Creating a limited series like Goliath can be something of a balancing act. Without the luxury of 13 or more episodes, there has to be a clear purpose in each scene, in each step forward. Even Fargo’s more discursive moments, during its first season, felt like they were settling us deeper into the strange universe that is the Midwest in the winter.
For all of David E. Kelley’s bona fides as a TV creator, this is something he doesn’t seem to understand just yet. This first season of Goliath, especially these midpoint episodes, feel downright larded, with a lot of padding thrown in to justify stretching this story to eight hours. Watching these two installments, I couldn’t shake the feeling that with some judicious editing, this whole narrative could be wrapped up in the length of a typical Hollywood movie.
To give Kelley and his co-creator Jonathan Shapiro credit, though, I was engrossed in every fatty minute of these episodes. Overstuffed though they were, the scenes that did matter still retained some mystery to them. There’s still no indication at this point which side of this court case is going to prevail. That kept me wincing at every setback that Billy McBride and his team went through, and cheering at every small bit of forward momentum they gained.
But seen at from afar, “Cover Your Ass” and “Line of Fire” only have a few pieces of vital information to convey: that Ryan Larson buried a prototype for a cluster bomb in the garden of his house, that Billy encouraged his “paralegal,” Brittany, to sleep with the cop that busted him for the DUI, and that a nasty gent named Karl Stoltz was doing bad stuff on behalf of Cooperman and Borns Technology before winding up dead in the trunk of Billy’s car.
As I’ve mentioned before, what keeps this series going is the work of some of the cast members. I’ve learned to love William Hurt’s scenery chewing insanity and unctuous glee at seducing his young lawyer. It’s just over-the-top enough to be distressingly believable. Nina Arianda, as Billy’s delightfully named partner in the case, Patty Solis-Papagian, keeps herself in check rather than turning the character into an Erin Brockovich act. And while Dwight Yoakam may be stuffed into designer suits, he’s still as sleazy as ever in his role as a Borns Tech executive.
The acting is what makes even the throwaway scenes worth watching. That’s certainly the case with the drama between Billy and his family. In their few moments together, the chemistry that Thornton has with Maria Bello (as his long-suffering ex-wife) and Diana Hopper (as his daughter) lends some welcome warmth to this otherwise chilly show. And when Thornton has his big moment at the end of “Line Of Fire,” facing off against Cooperman while sitting in the bowels of seedy Chinese restaurant, he and Hurt jolt everything to life as they snarl at one another like rabid dogs ready to attack.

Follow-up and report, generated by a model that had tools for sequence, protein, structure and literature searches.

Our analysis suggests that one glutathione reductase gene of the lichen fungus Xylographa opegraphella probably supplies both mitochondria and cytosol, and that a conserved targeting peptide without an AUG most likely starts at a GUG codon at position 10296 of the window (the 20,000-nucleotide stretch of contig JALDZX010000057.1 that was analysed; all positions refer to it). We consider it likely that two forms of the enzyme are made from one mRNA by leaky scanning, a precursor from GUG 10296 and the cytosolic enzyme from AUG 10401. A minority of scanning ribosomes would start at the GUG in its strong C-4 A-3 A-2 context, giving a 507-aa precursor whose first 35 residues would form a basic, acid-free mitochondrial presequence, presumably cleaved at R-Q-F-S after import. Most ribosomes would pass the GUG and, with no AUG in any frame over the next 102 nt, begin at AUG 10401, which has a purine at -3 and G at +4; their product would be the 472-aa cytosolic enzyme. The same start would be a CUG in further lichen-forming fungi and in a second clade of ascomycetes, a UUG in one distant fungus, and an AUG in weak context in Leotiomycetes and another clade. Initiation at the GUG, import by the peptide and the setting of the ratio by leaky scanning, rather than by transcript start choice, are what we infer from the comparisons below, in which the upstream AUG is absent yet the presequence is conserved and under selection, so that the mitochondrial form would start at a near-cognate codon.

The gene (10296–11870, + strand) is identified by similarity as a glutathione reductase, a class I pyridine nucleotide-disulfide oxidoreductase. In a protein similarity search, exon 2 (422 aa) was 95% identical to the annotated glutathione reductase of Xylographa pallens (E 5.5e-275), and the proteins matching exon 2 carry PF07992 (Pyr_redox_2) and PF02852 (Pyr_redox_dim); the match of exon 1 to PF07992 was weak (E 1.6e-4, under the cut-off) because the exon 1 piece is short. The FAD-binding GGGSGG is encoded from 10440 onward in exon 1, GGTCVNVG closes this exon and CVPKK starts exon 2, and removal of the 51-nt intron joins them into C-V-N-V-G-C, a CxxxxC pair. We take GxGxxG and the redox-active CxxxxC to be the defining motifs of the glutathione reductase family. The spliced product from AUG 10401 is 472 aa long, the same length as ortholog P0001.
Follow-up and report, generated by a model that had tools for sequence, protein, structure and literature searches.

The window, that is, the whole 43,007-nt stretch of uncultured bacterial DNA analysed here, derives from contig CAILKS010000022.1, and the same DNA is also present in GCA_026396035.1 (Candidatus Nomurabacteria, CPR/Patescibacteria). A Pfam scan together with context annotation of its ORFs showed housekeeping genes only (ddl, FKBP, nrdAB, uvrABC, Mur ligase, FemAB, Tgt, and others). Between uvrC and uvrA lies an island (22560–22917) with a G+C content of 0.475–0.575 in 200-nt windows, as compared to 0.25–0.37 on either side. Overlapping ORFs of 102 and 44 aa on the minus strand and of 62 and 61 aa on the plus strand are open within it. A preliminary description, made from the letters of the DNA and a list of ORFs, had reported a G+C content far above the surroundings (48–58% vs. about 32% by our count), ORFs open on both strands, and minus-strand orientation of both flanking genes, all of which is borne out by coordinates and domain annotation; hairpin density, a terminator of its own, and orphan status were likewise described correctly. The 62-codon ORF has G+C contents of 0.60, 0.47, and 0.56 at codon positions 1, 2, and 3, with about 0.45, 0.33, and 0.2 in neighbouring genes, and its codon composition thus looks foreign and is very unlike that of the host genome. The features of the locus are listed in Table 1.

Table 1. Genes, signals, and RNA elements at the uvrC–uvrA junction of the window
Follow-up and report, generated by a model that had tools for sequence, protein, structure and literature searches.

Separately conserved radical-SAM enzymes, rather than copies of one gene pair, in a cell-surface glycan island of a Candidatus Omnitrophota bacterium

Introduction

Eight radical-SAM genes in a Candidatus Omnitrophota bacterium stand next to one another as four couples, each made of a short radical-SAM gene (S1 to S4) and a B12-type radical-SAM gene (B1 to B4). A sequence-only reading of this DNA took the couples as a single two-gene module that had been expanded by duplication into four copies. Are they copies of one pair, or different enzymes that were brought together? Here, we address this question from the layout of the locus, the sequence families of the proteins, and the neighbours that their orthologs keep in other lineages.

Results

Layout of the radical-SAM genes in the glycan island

These episodes also reveal who’s outmatched as a thespian in Goliath. Part of me understands the hiring of Olivia Thirlby as Cooperman’s paramour, as she does convey Lucy’s immaturity as a lawyer and mousy weirdness. But Kelley and company try to give the character a narrative arc that the performer just can’t connect with. Lucy is supposed to come into her own here, unveiling her vicious side and her sensual side; poor Thirlby just looks lost in both cases, keeping the same flat affect to her quavering voice and a strangely blank expression. Molly Parker only does slightly better as the evil Callie Senate, but for such an accomplished actor, she sticks surprisingly to one mode: stone cold bitch. There’s no nuance to be found, which may actually work to the show’s advantage if you’re like me, and want nothing more than for her to be knocked down a few pegs in the courtroom.
Scenes like those are what kept me up far too late binge-watching the final four episodes of Goliath (look for my write up on the last two installments next week). As groaningly bad as it was to watch Thirlby “emote,” and as aggravating as it can be to follow the show down blind alleys, those little crumbs of brilliance are surprisingly filling. Or at least enough to keep me satisfied until I can click over to watch something a lot more substantive on another streaming service.
Robert Ham is an arts and culture journalist based in Portland, OR. Read more of his work here and follow him on Twitter.